As previously mentioned, suitable breakers include enzymes and oxidizing breakers. At aqueous gel carrier fluid pHs of greater than about 9 and temperatures greater than about 140° F., oxidizing breakers are required to reduce the viscosity of the crosslinked aqueous gel carrier fluid. The preferred oxidizing breaker is sodium persulfate.
The proppant material can be coated with the resole-resin by batch mixing. In this method, the proppant material is coated by dissolving solid resole resin in a suitable solvent, mixing the resulting solution with the proppant and evaporating the solvent. A hot coating process may also be used. This technique involves preheating the proppant to several hundred degrees Fahrenheit, slowly adding the resole resin to the proppant and mixing the combination until the resole resin melts and coats the proppant. Once coated, the proppant is cooled at which time the resole resin solidifies.
The proppant material can also be coated with the resole-resin on-the-fly, as generally described in U.S. Pat. No. 4,829,100, which is herein incorporated by reference. However, as polymerization of the resole-resin of the present invention is temperature dependent, coating proppants on-the-fly with such resole-resin does not require the addition of hardeners. In this method, a substantially continuous stream of proppant is combined with the aqueous gel carrier liquid, a surface active agent and solubilized resole-resin. Proppant flow is generally in the range of from about 2 to about 20 pounds of proppant per gallon of gelled aqueous carrier liquid. Most preferably, the proppant is present in the mixture in an amount in the range of from about 3 to about 15 pounds per gallon of carrier liquid. Whether batch mix coating or coating on the fly, the preferable ratio of resole-resin to proppant is about 1.00 to about 20 pounds of resole-resin per each 100 pounds of proppant.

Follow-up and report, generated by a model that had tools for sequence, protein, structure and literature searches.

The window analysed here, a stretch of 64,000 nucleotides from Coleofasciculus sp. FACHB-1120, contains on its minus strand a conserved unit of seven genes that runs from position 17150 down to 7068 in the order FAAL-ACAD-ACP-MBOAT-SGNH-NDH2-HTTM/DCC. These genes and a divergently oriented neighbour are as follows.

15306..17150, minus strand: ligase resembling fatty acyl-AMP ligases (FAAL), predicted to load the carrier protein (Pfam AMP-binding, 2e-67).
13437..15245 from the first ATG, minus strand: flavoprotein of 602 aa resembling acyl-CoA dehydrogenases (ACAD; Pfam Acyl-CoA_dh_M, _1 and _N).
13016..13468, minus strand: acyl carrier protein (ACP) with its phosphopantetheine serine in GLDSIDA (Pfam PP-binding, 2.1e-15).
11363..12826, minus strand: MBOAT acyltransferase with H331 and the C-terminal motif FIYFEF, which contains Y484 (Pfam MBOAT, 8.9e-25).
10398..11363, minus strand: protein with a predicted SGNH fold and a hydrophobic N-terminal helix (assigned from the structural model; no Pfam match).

In addition, a resin-to-proppant coupling agent is preferably added to the mixture of ingredients and preferably when the mixture of ingredients includes sand as the proppant material. The coupling agent promotes bonding of the resin to the proppant. Suitable coupling agents include functional silane such as N-beta-(aminoethyl)-gamma-aminopropyltrimethozysilane. The resin-to-proppant agent is included in an amount in the range of from about 0.1 to about 2 parts by weight per 100 parts by weight of resole-resin. A commercially available coupling agent is Silane A-1120, a product of Union Carbide, Danbury, Conn.